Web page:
Taiwan Refuses To Deport Migrant Worker For ‘Cyberlibel’, Philippines Comply


The Philippines government has accepted Taiwan’s decision to not deport Linn Silawan, a Filipina caregiver accused of spreading “fake news”, reports Al Jazeera.

Back in April 25th, the Philippine Labor Attaché Fidel Macauyag said that Silawan, who was working in Taiwan’s Yunlin County, must be deported for “the crime of cyberlibel for the willful posting of nasty and malevolent materials against President Duterte on Facebook.”

The video in question was Silawan’s 3-minute long rant about President Rodrigo Duterte mishandling the COVID-19 outbreak in the Philippines. She criticized Duterte for strict measures that could lead to mass deaths of Filipino citizens — “[not from] the virus but from hunger.”

She also urged her country’s authorities to “not be loyal” to Duterte.

The Philippine authorities accused Silwan of violating the Cybercrime Prevention Act, which can lead to either six months in prison or up 250,000 pesos ($5,000) fine.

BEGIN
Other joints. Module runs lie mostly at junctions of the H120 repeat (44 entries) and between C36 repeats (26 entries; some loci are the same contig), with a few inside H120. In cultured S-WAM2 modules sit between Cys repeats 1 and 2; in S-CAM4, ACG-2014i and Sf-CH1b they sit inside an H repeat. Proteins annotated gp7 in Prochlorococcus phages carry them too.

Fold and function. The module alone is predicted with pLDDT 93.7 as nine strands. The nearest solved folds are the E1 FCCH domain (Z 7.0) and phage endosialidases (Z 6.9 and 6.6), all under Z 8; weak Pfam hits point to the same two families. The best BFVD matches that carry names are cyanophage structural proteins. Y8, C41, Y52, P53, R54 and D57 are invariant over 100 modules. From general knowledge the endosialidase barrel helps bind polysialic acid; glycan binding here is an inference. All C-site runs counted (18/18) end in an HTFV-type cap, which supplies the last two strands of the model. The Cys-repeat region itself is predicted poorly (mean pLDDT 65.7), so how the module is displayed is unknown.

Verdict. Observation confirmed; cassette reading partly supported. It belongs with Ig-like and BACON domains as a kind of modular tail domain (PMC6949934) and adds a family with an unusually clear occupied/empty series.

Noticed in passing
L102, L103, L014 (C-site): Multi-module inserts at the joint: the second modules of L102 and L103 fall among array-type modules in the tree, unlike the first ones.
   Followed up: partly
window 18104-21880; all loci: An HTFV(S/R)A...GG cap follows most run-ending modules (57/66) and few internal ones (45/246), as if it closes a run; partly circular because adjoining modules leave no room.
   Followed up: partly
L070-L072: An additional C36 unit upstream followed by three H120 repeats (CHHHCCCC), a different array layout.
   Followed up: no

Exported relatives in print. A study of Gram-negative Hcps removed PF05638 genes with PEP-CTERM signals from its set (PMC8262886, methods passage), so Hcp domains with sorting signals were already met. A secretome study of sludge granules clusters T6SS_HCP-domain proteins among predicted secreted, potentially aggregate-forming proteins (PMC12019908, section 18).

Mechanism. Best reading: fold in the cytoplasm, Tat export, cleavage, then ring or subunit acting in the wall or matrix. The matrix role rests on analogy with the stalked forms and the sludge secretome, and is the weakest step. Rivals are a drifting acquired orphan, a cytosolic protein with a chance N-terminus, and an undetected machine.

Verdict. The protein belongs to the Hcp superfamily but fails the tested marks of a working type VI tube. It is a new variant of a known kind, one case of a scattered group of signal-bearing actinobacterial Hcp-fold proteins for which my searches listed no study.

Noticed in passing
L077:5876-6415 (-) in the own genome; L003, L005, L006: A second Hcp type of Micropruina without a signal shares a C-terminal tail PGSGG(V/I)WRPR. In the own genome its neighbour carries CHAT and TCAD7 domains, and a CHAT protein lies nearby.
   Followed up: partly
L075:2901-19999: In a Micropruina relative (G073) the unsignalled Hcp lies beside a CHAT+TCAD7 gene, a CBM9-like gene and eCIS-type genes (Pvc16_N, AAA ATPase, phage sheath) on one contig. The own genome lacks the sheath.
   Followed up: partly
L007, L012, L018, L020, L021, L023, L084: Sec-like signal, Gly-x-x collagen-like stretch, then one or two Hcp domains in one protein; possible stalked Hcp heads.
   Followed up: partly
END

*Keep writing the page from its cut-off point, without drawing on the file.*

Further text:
But Taiwan’s Foreign Ministry responded by saying that the migrant worker did not break any laws, and she is protected by the Taiwanese democracy, just like the country’s citizens. They stressed that she had the right to freedom of speech and refused to hand her over to the Philippine government.

On April 30th the Philippines finally accepted Taiwan’s decision, saying that it was “respected”.

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Christopher is a London-based Political Editor for World News Tribune. He knows what your local politician is up to. A meticulous perfectionist, Christopher beat dyslexia at the age of 15 and declared that now he was now obligated to have a career in writing. During his sophomore year, he was already contributing front-page stories to The Evening Lantern. Christopher has always chased the truth in its rawest form — that’s why covering politics has been such a desirable challenge. After studying Journalism and Politics in his native Essex County, UK, Christopher moved to London and began to build his career with the most effective jump-start: by working at a coffee shop in The City. It truly paid off. Thanks to studying the local media scene through his customers, Christopher moved to freelance journalism, effectively gaining recognition for his International Affairs coverage. He still lives in London and is still able to make a wickedly good cup of coffee. Email:preston@worldnewstribune.com


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